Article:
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Mainstream, VOL LI, No 10, February 23, 2013

Will the Land Acquisition Bill lead to More Violent Conflicts?

Tuesday 26 February 2013, by Ambrose Pinto

There have been violent conflicts on land acquisition across the country especially when the land of the poor has been taken away without proper compensation by the state for public and private ventures. In all stories of acquisition it is the land mafia that has come to play a crucial role in pauperising the ordinary villagers and farmers and evicting them from their land with meagre compensation. In the major cities of India there are “estate agents” with gangs who threaten and intimidate small landowners to sell their lands for paltry sums and making large profits out of them by selling them to transnational and multinational corporations. Even when the state needs lands, it is this group of people in the cities that buy land for a cheap price from individuals and sell it to the state at an exorbitant rate. Stories of murder of rival agents, gangs and community leaders who resist the sale of their land are more and more heard and recorded in the daily newspapers.

One may have to examine India’s land acquisition bill in this context of the violence that is already at play in cities, villages and towns. The very purpose of the present Land Acquisition Bill is to speed up growth in keeping with the neo-liberal economic policies the government has aggressively decided to go ahead with. These policies have hardly any democratic content and they are violently implemented by state action. What do we mean by state action? A state action is an action by the government in power against the will of the people. To implement that action the state has to take the help of the police, armed forces and the state machinery. Much of the acquisition of land today is by force without the consent of the people. In fact, in many of the acquisition people have been killed, threatened and intimidated. That is why the Bill that has to be passed in the coming Parliament session on land acquisition has raised a number of fears.

The Bill says to acquire land the developers have to get the consent of 80 per cent of the people. What would then be the fate of the 20 per cent if they decide not to part with the land? In a authentic democracy every person matters. That is why Dr Ambedkar had said “one person, one value and one vote”. Because 80 per cent agree to give up their land, that 20 per cent can be compelled to hand over theirs is highly dictatorial. Even if one person has to resist, in a democracy the government will have to respect the right of that individual to retain his/her land. The problem of majority and minority should have no relevance. Democracy is not mobocracy. It is not at all about numbers. Democracy is all about respect for individual liberties and freedom. To ask 20 per cent of the ordinary people to sacrifice their livelihoods for the greed of 80 per cent of corporations, industrialists and zamindars is unjust and unfair.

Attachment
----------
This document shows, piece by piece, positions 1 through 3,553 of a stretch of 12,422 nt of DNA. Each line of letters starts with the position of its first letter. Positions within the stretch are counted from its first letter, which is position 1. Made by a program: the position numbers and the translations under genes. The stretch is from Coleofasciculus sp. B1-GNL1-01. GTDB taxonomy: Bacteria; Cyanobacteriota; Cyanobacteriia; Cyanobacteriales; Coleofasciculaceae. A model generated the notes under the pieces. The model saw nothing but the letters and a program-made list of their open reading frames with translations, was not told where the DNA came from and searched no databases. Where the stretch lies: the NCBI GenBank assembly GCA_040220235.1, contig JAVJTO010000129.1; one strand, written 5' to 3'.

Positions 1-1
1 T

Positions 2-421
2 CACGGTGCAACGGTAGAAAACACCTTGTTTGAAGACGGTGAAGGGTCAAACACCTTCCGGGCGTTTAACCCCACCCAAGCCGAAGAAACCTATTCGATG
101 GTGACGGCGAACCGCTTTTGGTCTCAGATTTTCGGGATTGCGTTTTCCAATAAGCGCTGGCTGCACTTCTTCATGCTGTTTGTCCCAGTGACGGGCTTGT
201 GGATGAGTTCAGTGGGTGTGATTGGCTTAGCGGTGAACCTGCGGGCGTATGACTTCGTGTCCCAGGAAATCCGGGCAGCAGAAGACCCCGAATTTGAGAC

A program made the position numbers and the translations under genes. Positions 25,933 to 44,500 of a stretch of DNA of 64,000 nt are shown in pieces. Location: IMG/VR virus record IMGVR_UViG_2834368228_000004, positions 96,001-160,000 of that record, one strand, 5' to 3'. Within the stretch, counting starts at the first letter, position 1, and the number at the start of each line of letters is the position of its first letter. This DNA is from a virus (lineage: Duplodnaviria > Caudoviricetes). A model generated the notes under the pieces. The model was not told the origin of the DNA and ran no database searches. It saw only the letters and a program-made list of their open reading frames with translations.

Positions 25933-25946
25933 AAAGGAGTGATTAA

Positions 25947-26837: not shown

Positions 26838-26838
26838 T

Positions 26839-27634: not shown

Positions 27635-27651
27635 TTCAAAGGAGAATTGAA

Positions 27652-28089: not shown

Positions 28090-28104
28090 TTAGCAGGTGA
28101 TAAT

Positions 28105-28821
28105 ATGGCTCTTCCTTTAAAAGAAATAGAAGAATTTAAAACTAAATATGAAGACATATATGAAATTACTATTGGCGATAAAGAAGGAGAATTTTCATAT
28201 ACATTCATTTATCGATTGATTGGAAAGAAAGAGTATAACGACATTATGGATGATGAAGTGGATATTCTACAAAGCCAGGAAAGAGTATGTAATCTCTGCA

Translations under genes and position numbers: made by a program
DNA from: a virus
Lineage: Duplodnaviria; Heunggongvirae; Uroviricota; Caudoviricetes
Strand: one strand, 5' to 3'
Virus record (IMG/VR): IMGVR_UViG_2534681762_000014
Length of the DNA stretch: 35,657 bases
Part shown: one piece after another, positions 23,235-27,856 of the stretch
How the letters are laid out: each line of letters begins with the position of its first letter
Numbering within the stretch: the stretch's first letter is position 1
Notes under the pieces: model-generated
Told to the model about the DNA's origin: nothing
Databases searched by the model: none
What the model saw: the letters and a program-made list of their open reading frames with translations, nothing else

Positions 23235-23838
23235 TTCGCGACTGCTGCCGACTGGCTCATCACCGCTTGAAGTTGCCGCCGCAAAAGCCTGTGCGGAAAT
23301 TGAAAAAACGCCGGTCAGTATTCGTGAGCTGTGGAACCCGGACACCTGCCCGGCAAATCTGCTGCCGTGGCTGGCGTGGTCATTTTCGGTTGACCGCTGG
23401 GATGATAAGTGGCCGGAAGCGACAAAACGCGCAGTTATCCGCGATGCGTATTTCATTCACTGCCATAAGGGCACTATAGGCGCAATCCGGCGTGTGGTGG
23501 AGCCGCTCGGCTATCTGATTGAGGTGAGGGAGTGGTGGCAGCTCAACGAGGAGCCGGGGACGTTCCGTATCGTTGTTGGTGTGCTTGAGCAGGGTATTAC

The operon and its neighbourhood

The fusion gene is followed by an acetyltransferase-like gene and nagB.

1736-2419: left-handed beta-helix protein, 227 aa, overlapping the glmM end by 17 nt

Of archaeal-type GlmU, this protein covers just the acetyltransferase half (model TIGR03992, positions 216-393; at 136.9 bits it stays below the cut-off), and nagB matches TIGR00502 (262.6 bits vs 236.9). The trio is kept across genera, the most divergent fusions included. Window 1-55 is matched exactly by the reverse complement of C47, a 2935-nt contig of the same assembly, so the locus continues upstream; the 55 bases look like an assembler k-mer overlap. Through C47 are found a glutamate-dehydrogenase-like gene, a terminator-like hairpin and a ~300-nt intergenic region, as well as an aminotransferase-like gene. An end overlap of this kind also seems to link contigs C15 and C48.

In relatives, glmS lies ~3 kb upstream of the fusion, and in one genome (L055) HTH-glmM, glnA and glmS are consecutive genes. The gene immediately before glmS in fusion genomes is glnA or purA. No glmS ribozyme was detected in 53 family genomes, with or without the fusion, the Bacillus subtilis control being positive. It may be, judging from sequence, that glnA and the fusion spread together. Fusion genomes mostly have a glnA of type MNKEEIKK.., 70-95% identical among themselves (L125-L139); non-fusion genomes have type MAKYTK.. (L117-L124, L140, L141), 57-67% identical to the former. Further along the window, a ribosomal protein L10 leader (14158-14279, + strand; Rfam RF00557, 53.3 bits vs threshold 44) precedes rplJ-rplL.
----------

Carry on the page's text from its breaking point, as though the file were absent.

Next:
It is sad to note that a third of the Indian population at present is impacted by land and forest takeovers and every State in India is embroiled in land rights disputes. These disputes play out in courts and on the streets, in the form of hunger strikes, mass demonstrations and violent uprisings. There are killings, murders, fights and quarrels on land never witnessed before. Though the Government of India estimates that 10,000 armed fighters and 40,000 supporters are involved in violent struggles in rural India over land rights, the numbers are likely to be at least three times that estimate.

Government Responsible for Violence

A recent research has blamed the Government of India for being responsible for a growing spate of violent clashes in the forest and tribal areas of the country. The government is no less responsible for land conflicts in other places as well. The country is witnessing a massive transfer of resources from the rural poor to investors leading to resistance and conflicts.

According to the “Rights and Resource Initiative”, a US based organisation, and the “Promotion of Wasteland Development”, an NGO, India can expect rising civil unrest in response to major projects planned for the next 15 years. Most of these projects are transnational and multinational. The country requires over 11 million hectares of land affecting the livelihoods of thousands of people. About 130 districts out of a total of 610 districts are already facing land conflicts since 2011 over the loss of ‘common land’ to various development projects. Brazen takeovers of community-owned lands have become a burning issue.